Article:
Photography in any environment is difficult, but if you take one of the main ingredients out of the equation things suddenly seem to become nigh-on-impossible.
That ingredient comes in the form of light. In a bid to get the most out of photo printing services, and ultimately get the highest-quality photos, getting your light right has to be one of your number one priorities.
For the purposes of today, we’re going to focus on the environments which have virtually no light. This isn’t classed as a low light environment, but a “dark” one – one where only the very brightest objects are visible to the naked eye.
Suffice to say, taking photos in this environment can become something of a minefield. It’s a completely different ball game to light locations, and this is the reason we have penned the following suggestions to help you on your way.
A tripod is essential
It’s one of the more traditional tools in your arsenal, but we’re going to bet that you don’t tap into a tripod nearly as much as you really should.
In the case of snapping in dark environments, this is an absolute must though. This is a form of photography in which you need a very slow shutter speed. The upshot of this is that any slight movement of your hand can result in a blurred image – and nobody wants that.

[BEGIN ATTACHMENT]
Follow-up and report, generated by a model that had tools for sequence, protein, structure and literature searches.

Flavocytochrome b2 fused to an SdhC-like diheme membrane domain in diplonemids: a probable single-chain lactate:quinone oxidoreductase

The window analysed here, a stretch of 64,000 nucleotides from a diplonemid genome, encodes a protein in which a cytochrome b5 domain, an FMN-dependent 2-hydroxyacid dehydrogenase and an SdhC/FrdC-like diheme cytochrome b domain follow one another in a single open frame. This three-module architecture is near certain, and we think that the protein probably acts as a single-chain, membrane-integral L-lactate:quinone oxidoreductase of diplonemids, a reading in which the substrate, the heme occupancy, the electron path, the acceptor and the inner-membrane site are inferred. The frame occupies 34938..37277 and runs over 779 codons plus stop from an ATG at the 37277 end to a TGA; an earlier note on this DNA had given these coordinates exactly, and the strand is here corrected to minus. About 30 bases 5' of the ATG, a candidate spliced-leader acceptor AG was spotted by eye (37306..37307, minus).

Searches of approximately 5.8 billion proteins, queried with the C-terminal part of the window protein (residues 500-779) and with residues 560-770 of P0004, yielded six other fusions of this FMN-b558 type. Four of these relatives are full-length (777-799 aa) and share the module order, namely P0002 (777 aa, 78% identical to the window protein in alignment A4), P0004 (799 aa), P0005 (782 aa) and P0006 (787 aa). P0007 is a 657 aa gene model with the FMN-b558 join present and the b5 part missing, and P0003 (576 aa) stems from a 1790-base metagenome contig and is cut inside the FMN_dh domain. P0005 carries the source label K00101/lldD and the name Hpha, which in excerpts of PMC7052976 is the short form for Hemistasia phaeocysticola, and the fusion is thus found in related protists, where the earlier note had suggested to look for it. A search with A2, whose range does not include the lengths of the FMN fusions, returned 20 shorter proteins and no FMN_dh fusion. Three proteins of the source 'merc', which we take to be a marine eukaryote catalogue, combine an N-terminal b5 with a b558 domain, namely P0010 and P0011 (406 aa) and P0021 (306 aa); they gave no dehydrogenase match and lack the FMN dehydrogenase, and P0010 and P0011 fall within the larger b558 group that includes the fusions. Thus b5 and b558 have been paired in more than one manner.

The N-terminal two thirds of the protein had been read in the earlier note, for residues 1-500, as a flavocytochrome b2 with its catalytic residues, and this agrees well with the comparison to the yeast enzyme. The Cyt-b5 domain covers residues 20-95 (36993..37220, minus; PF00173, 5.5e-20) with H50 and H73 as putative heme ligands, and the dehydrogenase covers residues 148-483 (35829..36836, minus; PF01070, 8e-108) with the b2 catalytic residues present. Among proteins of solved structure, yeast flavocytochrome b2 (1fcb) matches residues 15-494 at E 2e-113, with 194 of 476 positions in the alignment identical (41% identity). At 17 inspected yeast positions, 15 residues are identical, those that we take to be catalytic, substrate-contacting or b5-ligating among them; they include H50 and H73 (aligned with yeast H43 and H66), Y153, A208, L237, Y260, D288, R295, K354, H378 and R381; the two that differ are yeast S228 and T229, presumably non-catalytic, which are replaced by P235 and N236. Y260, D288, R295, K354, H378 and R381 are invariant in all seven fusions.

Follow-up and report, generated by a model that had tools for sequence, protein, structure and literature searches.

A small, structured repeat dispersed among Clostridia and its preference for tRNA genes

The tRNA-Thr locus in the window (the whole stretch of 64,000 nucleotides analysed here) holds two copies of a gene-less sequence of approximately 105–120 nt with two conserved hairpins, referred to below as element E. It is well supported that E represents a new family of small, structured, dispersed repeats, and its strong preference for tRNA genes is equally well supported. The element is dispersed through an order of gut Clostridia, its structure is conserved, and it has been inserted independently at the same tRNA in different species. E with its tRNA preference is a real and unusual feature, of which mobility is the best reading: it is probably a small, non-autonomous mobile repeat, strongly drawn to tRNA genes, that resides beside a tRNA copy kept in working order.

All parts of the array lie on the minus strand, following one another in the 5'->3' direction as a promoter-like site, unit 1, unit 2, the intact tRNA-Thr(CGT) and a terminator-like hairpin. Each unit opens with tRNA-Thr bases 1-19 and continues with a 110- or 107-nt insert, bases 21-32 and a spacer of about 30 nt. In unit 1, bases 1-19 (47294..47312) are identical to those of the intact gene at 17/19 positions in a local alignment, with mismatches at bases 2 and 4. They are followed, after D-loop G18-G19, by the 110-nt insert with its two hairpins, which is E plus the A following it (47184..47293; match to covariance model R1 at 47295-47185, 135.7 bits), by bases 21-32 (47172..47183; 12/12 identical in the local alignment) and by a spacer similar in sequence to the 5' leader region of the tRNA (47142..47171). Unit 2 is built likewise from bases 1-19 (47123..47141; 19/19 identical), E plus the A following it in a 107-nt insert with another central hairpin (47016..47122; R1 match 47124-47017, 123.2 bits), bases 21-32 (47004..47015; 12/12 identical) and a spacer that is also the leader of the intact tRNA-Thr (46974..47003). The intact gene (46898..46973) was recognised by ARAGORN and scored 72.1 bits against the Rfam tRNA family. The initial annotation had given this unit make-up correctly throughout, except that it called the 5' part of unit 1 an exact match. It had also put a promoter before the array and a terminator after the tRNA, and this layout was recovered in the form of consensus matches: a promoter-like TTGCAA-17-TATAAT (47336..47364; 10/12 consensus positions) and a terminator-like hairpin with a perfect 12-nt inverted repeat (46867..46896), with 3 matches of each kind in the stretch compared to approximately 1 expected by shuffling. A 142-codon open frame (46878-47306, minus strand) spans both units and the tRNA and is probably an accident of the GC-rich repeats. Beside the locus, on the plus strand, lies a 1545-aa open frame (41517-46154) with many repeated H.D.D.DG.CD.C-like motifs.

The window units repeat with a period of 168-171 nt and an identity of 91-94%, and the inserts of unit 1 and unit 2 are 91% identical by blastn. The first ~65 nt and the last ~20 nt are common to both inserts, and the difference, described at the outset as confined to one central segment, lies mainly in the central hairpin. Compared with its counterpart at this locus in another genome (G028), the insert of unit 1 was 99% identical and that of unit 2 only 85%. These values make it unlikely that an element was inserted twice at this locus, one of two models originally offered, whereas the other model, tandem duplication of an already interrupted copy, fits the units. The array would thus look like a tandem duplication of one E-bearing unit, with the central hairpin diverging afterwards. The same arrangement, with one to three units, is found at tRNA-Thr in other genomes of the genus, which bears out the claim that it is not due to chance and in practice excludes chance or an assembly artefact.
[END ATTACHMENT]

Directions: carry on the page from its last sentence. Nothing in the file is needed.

Don’t be afraid of using a flashlight
This guide is about taking photos in the depth of night, where any light is at an absolute premium. It’s for this reason that we think you should use an artificial flashlight from time to time, just so that more attention can be featured onto your subject.
Some experts have called this “light painting”, as you are effectively lighting up just one portion of the environment. Regardless of the terminology, it’s something that can place much more emphasis on your subject and the effect can be hugely impressive when you consider the fact that everything else around is almost in complete darkness.
You can’t rely on autofocus
It might be an amateur’s best friend, but now is the time that you cannot under any circumstances rely on autofocus. This is because the sky is simply too dark and the feature just isn’t going to work. This is another reason why we made the flashlight suggestion at the start of this guide – as it’s something which allows you to place additional focus onto your subject.
Practice makes perfect
Finally, don’t underestimate the power of practice. Sure, cameras have developed immensely over recent years, but all the features in the world can’t help you in difficult environments. This is where old fashioned practice comes into the picture and any opportunity you get you should be looking to practice shooting in darkness. Again, there’s a huge difference between this and daylight photography, so to get the most out of your shots you just need to perform them time-and-time again.